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The Clitherow family of Boston House, Brentford

In 1670 a City merchant called James Clitherow bought the Manor of Boston with the original manor house that had been damaged by fire and a later house built by Lady Mary Reade (later Lady Mary Spencer) in 1623. Drawing room ceiling, 1623, Boston Manor House (Janet McNamara 2004)

The boundaries of the Manor were the same as those for the Township of New Brentford and the parish of St Lawrence.

He demolished the original house and started the extension of the Jacobean house that went on for many years.

The estate was passed down from father to son through 5 generations until the 1840s when it passed to cousins and was eventually sold in the 1920s.

As local Justices and landowners the family had a great influence in the town.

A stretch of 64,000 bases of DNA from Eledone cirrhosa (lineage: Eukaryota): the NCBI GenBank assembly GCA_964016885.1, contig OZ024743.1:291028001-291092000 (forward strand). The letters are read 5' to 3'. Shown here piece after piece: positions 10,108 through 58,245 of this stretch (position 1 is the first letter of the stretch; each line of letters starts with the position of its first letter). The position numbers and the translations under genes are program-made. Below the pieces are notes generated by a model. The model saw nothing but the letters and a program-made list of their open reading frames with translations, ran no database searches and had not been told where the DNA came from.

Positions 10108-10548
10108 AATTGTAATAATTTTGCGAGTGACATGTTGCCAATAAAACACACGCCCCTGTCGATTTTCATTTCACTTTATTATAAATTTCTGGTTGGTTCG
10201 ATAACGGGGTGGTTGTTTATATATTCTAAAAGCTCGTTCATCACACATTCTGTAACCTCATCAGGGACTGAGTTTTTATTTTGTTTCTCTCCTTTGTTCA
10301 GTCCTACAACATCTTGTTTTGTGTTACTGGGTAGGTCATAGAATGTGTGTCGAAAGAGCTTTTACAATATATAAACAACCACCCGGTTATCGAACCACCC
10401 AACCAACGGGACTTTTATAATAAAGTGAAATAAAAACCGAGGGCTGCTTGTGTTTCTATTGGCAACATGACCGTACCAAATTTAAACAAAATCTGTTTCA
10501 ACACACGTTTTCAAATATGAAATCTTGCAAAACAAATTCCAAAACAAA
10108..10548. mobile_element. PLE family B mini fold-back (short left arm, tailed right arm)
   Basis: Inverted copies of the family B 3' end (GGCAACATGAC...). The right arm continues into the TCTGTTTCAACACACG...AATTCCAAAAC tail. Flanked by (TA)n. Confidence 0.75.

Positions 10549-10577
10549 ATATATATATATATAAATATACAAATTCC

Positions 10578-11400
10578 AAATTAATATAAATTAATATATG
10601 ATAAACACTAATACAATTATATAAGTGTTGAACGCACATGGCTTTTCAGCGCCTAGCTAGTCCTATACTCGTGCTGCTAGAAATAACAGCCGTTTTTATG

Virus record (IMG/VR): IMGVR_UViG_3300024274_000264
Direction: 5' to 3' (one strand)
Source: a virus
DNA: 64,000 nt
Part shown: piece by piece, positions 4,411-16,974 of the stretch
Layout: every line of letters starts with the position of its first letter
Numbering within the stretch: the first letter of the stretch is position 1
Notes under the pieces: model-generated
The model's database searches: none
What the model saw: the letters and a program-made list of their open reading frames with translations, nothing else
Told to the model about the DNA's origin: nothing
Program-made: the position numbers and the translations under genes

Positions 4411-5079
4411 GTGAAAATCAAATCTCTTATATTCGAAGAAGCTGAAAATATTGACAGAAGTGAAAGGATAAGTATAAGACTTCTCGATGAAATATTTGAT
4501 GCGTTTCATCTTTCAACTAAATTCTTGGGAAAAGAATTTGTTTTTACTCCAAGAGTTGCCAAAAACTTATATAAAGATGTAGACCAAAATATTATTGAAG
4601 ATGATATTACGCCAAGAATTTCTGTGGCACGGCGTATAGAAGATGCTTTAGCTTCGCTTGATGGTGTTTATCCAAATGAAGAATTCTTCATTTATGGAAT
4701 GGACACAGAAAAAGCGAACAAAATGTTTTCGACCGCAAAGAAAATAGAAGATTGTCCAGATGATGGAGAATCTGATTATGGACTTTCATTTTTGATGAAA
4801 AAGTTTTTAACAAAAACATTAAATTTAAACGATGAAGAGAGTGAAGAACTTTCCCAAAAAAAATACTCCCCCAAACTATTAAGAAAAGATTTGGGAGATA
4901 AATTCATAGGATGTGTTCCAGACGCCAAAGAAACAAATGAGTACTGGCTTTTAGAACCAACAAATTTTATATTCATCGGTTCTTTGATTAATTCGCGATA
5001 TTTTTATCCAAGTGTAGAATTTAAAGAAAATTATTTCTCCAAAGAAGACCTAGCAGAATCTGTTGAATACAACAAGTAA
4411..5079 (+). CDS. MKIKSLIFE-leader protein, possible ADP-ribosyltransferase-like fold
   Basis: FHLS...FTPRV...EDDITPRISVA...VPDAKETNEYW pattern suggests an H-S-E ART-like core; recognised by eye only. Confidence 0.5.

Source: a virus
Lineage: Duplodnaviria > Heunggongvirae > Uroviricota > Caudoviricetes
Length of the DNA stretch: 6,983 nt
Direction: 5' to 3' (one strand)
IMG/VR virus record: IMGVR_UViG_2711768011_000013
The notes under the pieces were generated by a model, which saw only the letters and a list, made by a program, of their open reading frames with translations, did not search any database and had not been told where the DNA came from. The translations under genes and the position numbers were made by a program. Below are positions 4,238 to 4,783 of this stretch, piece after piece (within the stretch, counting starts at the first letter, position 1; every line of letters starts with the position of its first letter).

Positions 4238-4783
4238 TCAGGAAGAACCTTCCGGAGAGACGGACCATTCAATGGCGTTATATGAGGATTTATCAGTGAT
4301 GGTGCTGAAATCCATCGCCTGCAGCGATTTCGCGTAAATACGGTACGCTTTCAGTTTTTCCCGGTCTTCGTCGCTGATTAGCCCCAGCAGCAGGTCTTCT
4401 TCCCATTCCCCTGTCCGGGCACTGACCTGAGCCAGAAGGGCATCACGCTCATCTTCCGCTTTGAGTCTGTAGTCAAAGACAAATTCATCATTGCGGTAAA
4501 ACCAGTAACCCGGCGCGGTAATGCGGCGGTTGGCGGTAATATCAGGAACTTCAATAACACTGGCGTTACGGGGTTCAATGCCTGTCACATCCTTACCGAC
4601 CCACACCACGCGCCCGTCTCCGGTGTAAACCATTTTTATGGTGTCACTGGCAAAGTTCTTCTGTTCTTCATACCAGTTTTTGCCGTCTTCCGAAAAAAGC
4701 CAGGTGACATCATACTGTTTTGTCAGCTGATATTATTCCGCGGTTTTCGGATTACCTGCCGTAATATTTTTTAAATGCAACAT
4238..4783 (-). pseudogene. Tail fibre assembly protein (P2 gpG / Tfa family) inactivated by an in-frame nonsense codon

These are brief details (drawn up in March 2009) starting with the first James Clitherow’s father. The heir to the property in each generation is highlighted.

A guide book published in 1998 is available from the Local History Society www.brentfordandchiswicklhs.org.uk.

If anyone can add any information to the guide or the information below please contact jmcbrentford at googlemail dot com

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Sir Christopher Clitherow d 11.11.1641

2nd wife Mary Campbell daughter of James Campbell (1570-1642) who was Master of the Ironmongers Company twice, Sheriff 1600 and Lord Mayor of London 1635.

Their children

  1. Marie b 1608 m Thomas Trollope
  2. Judith b1610
  3. Christopher b1612 m Jane Trollope (they had 3 children)